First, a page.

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Xenotransplantation: animal rights and human wrongs.

Mani, V; Mathew, R; Homer-Vanniasinkam, S; (2003) Xenotransplantation: animal rights and human wrongs. Ethics Med , 19 (1) pp. 55-61.

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Abstract

The first successful human-to-human organ transplant was performed in 1954 when a kidney was transferred between two identical twins. In the years since this groundbreaking operation improvements in transplant surgery and an increasing ability to control organ rejection using imunosupressive medication has made transplantation the treatment of choice for a new generation. Unfortunately, these advancements have resulted in transplantation becoming a victim of its own success, as waiting lists have increased along with the waiting time for donor organs. For these reasons the use of animal organs for human transplantation is seriously being considered. Two groups of animals have been considered as donors: non-human primates and large non-primates such as pigs. Whilst many researchers in this field are very optimistic about the future, many opponents are concerned about the effects on public health and the environment. The primary barrier to transplantation is immunological rejection. With xenotransplantation an additional mechanism of rejection called hyperacute rejection occurs. Immunosuppressive drugs cannot control hyperacute rejection. For this reason, the majority of xenotransplantation trials attempted to date in humans have used chimpanzee or baboon organs. However, the problem will occur with xenotransplantation into humans of organs from more distantly related species such a pigs. This article highlights the ethical issues associated with the use of animal organs, and the impact of xenotransplantation on animal communities.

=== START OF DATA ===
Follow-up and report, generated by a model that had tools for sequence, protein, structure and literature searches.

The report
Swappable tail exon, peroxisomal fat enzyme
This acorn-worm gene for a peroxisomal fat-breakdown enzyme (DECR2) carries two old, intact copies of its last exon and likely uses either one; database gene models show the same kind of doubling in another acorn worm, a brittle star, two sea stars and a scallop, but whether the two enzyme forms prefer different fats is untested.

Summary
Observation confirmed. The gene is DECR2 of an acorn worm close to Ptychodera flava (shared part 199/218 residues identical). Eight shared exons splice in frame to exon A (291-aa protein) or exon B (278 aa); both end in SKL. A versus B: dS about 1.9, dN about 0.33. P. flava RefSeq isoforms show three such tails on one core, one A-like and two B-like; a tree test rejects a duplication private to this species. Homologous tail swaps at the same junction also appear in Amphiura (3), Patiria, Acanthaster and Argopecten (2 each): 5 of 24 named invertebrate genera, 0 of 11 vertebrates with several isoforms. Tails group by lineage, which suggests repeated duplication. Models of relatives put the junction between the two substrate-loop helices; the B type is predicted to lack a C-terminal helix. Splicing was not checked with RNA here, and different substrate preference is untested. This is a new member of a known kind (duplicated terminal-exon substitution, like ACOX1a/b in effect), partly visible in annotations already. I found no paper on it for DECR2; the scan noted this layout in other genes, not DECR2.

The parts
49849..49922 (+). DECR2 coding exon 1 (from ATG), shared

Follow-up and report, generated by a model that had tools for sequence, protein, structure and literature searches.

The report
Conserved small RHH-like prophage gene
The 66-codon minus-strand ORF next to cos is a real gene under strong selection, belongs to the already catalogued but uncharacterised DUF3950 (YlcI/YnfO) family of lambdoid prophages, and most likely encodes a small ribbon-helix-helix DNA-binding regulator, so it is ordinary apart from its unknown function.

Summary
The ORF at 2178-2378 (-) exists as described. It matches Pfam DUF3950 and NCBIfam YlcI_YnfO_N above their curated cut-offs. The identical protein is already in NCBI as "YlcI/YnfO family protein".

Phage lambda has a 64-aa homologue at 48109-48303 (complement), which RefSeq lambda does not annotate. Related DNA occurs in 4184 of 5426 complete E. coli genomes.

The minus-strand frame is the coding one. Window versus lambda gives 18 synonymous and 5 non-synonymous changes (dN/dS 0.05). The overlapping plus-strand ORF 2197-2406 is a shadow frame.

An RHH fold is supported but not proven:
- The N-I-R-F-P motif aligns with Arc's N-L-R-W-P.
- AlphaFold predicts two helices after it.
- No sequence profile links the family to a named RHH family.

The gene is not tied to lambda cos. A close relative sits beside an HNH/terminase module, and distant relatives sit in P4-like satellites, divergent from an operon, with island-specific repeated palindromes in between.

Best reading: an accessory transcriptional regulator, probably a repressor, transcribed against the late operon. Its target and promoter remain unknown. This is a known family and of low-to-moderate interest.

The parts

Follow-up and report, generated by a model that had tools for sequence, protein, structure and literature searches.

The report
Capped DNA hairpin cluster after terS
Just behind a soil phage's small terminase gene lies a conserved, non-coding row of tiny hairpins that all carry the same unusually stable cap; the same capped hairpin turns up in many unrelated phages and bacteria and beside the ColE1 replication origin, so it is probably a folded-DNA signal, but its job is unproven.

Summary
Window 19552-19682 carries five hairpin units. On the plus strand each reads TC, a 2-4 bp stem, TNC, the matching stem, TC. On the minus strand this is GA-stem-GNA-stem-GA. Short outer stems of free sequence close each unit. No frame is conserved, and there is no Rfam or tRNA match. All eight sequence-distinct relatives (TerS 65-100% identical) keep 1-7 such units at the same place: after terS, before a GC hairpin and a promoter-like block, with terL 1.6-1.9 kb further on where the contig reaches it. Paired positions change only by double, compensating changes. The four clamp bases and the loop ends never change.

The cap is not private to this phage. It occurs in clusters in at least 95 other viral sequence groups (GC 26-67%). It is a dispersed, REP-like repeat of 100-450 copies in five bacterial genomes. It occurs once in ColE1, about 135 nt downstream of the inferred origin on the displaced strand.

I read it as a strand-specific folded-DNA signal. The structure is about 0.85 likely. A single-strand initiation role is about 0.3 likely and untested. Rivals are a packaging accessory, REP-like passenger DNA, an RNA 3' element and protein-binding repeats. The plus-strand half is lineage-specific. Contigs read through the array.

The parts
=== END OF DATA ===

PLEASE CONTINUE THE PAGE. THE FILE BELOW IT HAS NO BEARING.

Type: Article
Title: Xenotransplantation: animal rights and human wrongs.
Location: United States
Keywords: Biomedical and Behavioral Research, Health Care and Public Health, Animal Rights, Animals, Animals, Genetically Modified, Humans, Primates, Swine, Transplantation, Heterologous
UCL classification: UCL > Provost and Vice Provost Offices
UCL > Provost and Vice Provost Offices > UCL BEAMS
UCL > Provost and Vice Provost Offices > UCL BEAMS > Faculty of Engineering Science
UCL > Provost and Vice Provost Offices > UCL BEAMS > Faculty of Engineering Science > Dept of Mechanical Engineering
URI: http://discovery.ucl.ac.uk/id/eprint/1309693
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